Last week, in an effort to finally establish a stable government coalition, Israel held its fourth election in just two years. While Israelis across the political spectrum may have been suffering from “election fatigue,” I for one was incredibly excited to vote for my very first time as an Israeli citizen.
On Election Day, my family and I walked over to our assigned kalpi (voting station), a local elementary school just a few blocks from our home. In the streets, there was almost a carnival atmosphere, with porches and houses adorned with huge banners emblazoned with party slogans and candidates’ faces. Even outside voting stations, political party volunteers sat at card tables, handing voters chocolates and balloons (and political brochures for those seeking information).
At the voting station, we were directed to assigned classrooms to vote. When I informed the poll worker that I was an olah chadashah and voting for the first time, he wished me a hearty mazal tov. He then laughingly commented that given recent election trends, I would likely vote again in my second Israeli elections soon enough.
The voting process in Israel is actually very simple. All voters are handed a blue envelope by a poll worker and then directed to a little cardboard booth. Inside that booth is a tray with 38 piles of small square pitakai hatzba’a (election ballots). Thirty-seven piles have ballots that bear between one and three letters, each representing a different party.
While sometimes the letters spell out the party name or represent the party leader’s name or platform, there isn’t always a clear connection between the two. Likud’s ballot, for example, bears the letters mem, chet, and lamed, which is apparently a nod to three parties bearing these letters that merged over time to form the Likud party. Yesh Atid, another popular party in this year’s election, was represented by the letters peh and heh, which, per my research, has no significant connection to the party or its leader.
(Apparently, some of the odd letter combinations arise because new parties can only choose letters that are either unused by parties in previous elections or those that current parties grant them permission to reuse. Thankfully, our ulpan teacher had warned us of the anomalies in advance, and we had already memorized our chosen party’s letters before we headed out to vote.)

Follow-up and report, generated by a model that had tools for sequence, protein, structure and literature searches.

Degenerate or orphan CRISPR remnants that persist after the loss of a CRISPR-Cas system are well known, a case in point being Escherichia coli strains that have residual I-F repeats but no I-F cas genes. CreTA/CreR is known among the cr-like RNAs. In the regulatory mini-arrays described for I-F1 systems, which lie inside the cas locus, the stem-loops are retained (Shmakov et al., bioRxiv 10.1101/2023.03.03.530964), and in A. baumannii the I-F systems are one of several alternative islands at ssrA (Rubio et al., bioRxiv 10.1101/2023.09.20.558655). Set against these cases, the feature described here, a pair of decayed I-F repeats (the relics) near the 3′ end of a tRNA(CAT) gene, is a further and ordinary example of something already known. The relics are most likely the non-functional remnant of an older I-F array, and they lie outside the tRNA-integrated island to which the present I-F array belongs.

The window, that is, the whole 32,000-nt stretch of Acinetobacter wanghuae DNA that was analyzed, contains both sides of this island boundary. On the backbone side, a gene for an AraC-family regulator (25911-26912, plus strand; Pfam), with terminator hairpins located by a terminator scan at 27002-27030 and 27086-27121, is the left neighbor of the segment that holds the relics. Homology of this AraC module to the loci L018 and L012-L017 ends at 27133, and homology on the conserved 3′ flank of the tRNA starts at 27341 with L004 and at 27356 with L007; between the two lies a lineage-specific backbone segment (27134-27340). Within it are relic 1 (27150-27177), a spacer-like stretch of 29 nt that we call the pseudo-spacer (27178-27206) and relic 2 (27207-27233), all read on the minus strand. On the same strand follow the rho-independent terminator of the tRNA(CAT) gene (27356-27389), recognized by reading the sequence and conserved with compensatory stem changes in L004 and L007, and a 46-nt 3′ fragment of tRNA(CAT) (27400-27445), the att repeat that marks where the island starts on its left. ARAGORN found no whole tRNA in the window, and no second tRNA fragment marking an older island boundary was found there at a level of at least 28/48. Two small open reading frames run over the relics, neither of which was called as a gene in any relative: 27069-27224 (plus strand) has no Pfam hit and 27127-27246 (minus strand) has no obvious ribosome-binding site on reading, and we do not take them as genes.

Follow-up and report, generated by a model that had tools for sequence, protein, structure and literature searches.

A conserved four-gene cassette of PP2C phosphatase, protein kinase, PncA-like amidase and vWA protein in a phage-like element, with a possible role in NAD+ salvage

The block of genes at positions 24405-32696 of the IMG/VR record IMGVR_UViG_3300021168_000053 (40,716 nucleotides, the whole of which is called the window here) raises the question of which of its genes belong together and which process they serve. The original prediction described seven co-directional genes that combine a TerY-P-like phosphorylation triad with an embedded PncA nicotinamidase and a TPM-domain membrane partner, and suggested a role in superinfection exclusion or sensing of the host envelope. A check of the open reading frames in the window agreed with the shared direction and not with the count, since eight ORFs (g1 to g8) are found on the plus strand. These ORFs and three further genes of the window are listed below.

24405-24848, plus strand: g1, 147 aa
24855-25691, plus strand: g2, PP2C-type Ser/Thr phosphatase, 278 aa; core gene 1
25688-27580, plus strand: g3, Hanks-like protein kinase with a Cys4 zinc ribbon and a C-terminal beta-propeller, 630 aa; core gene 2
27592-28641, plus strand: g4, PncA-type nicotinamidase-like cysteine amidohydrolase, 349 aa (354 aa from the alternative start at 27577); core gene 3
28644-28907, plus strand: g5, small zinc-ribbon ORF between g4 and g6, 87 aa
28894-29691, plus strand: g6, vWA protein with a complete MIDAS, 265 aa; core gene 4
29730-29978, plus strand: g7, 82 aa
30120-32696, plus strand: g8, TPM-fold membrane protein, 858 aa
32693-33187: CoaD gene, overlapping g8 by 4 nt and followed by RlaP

The 38th pile contains blank election ballots (pitakai lavan). Unlike in the States, there is no concept of write-in ballots here in Israel, and any vote for an unrecognized party is discarded as invalid. So why are there blank ballots? In case a party’s ballots run out or are missing, a voter can write the appropriate letter(s) on the blank ballot and vote with it. (Reportedly, some people specifically submit a blank ballot as a form of protest vote. In other words, they choose “none of the above.”)
Israel is a high-tech capital with an app for everything, but Israel’s voting process almost feels like the process we used to vote for class president back in elementary school. One simply takes a ballot, places it into an envelope, and slips it into a nondescript ballot box.
Nonetheless, I was beaming with pride as I submitted my ballot, knowing that hours later my olah chadashah vote would be counted alongside those cast by Israelis who have been established here for generations. No longer a passive observer here in Israel, with my vote, I was contributing my voice to the next page in Israel’s history.
Sadly, after the last of the votes were tallied, no clear political mandate emerged. It seems that the polls’ predictions were not far off, and Israel may very well be heading to another election. Apropos of the Pesach holiday, more experienced Israel voters have assured me that, despites the craziness of elections here in Israel, “al tidagi, yiheh b’seder” (don’t worry, it will be alright).